This year, for E’s third birthday, I wanted to expand our birthday horizons and let someone else take it over. Thus enters a favorite childhood place that includes token rides, a giant mouse, and ticket prizes. The theme for this year was Buzz Lightyear, E’s new favorite character. I was very enthusiastic when E walked in and immediately starting to smile and try to get on every ride that was available. E was so excited to be there! He was smiles all day long… that is until the ticket catcher. I am not sure why anyone would think it is a great idea to lock a little boy into a clear plastic tube that blows air all around you, expecting you to catch tickets as they whiz past. My husband, much to his delight, volunteered to go into the giant, plastic tube with my son. E was okay until the air started up. Immediately, his look of confusion turned into one of horror as he tried to make his way out of the plastic container. My husband didn’t seem to notice. His focus was on catching as many tickets as possible by opening up his shirt and pushing the tickets underneath. E, on the other hand, was looking at me with a giant frown on his face, while trying to determine why this seemed like a good idea to begin with.

My favorite part of E’s third birthday however, had to be the cake. For the first time since he had been having birthdays, E wanted to get into the cake as soon as he saw it. Of course, the giant Buzz Lightyear character on the cake seemed to help. E also has learned since his last birthday party, how to blow out birthday candles. He managed to spit on most of the cake, but his look of pride when he was able to blow out all three candles was a memorable moment. It ended up that no disasters occurred that day, which makes me optimistic about future birthdays. E had a not-so-great experience with the giant mouse. He would meekly wave at the mouse when he saw it, but no one could get him to actually sit on the mouse’s lap without having to endure kicking and screaming. E interacted the same way with the Easter Bunny, which is something I attribute to just a natural fear of enormous stuffed animals.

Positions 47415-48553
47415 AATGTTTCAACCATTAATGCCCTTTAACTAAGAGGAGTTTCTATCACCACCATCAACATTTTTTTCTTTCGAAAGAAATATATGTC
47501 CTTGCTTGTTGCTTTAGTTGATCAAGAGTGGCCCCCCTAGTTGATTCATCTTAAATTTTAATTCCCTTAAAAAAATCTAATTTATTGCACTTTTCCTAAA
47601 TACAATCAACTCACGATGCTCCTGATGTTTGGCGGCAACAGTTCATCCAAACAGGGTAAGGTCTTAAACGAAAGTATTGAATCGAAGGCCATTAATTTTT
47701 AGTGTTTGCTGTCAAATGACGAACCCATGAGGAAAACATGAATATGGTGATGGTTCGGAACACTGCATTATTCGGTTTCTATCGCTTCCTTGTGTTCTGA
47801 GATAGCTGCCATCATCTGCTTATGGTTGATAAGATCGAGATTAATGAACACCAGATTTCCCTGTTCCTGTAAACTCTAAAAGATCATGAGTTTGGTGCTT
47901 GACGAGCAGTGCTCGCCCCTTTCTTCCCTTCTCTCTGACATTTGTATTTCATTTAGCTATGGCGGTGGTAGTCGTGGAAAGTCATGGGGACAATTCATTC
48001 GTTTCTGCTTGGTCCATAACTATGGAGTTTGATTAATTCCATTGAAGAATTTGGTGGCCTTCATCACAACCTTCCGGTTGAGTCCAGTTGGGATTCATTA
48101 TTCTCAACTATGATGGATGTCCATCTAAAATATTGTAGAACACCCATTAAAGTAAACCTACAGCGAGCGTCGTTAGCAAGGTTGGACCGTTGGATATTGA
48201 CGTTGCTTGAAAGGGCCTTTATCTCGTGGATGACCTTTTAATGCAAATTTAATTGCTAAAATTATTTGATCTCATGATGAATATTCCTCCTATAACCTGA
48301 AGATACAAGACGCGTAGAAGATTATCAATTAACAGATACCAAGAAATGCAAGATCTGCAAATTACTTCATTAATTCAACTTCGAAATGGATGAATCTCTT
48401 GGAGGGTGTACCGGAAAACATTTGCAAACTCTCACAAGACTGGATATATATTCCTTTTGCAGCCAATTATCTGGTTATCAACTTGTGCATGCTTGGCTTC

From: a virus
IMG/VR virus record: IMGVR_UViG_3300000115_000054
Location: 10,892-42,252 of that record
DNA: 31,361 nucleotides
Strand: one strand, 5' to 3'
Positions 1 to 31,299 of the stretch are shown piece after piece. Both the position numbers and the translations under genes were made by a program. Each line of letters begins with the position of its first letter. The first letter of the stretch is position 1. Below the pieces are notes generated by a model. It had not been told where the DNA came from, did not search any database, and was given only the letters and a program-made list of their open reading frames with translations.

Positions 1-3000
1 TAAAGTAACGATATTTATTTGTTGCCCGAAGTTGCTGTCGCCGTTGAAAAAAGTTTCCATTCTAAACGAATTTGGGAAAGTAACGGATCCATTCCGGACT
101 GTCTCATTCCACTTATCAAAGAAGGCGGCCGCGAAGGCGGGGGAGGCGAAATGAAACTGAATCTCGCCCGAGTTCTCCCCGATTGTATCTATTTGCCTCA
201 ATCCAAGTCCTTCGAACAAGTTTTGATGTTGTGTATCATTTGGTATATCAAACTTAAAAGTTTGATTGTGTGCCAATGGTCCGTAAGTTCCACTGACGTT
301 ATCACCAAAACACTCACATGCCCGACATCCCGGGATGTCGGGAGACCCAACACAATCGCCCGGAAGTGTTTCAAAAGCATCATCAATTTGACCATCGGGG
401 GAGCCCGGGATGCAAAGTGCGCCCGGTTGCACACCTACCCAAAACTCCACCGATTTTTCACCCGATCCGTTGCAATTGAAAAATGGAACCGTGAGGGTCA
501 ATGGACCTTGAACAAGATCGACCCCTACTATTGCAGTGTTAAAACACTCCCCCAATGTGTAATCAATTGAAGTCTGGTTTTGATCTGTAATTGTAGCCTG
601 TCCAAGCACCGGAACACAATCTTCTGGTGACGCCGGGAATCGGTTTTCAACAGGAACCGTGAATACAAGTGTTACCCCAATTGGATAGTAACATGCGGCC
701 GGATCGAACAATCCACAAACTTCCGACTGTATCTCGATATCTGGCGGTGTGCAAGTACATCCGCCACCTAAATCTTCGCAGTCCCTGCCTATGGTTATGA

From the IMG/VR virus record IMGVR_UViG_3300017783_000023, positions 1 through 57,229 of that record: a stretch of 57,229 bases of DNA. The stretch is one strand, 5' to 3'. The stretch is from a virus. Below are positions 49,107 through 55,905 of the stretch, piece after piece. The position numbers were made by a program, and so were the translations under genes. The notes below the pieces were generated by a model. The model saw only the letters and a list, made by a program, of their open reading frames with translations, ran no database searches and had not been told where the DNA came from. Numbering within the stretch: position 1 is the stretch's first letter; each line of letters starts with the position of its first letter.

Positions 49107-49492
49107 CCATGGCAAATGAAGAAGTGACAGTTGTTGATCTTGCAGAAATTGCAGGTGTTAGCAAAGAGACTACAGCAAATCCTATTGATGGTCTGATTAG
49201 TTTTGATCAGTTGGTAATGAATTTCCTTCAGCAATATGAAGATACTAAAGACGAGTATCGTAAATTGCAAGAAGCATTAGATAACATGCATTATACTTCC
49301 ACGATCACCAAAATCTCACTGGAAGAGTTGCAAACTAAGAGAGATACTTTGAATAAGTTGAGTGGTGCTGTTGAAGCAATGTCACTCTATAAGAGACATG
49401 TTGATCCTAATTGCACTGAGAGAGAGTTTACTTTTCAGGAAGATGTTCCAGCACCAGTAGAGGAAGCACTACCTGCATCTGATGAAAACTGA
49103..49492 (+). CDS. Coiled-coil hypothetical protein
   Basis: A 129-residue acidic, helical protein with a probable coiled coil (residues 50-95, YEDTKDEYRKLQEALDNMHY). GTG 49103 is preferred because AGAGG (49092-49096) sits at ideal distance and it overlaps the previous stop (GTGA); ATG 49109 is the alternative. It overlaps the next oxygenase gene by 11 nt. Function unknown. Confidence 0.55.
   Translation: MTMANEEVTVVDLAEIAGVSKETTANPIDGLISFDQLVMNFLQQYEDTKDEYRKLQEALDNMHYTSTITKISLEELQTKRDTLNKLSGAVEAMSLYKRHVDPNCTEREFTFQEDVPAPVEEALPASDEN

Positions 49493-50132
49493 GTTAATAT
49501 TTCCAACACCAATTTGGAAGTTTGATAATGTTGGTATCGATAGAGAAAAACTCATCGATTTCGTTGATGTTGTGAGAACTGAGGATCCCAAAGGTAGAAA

E’s birthdays have had their ups and downs. I think the one thing that I need to remember from them is that it is important to cherish your time with your children while they are still small enough to let you hug them without pushing you away. I have memories that will last me forever, and a happy little guy to go with it. My definition of motherhood is truly something that changes every day. Each day, I encounter more reasons why I love my son as much as I do. The craziness of E’s birthdays just adds to the reasons that make his personality so unique and why he is my sweetheart.

What do you try to remember when birthdays come around?

Jennifer Weber, RNC-NIC, MSN, is the Clinical Education Specialist for the NICU, Newborn Nursery and Pediatrics unit at Texas Health Presbyterian Hospital Plano.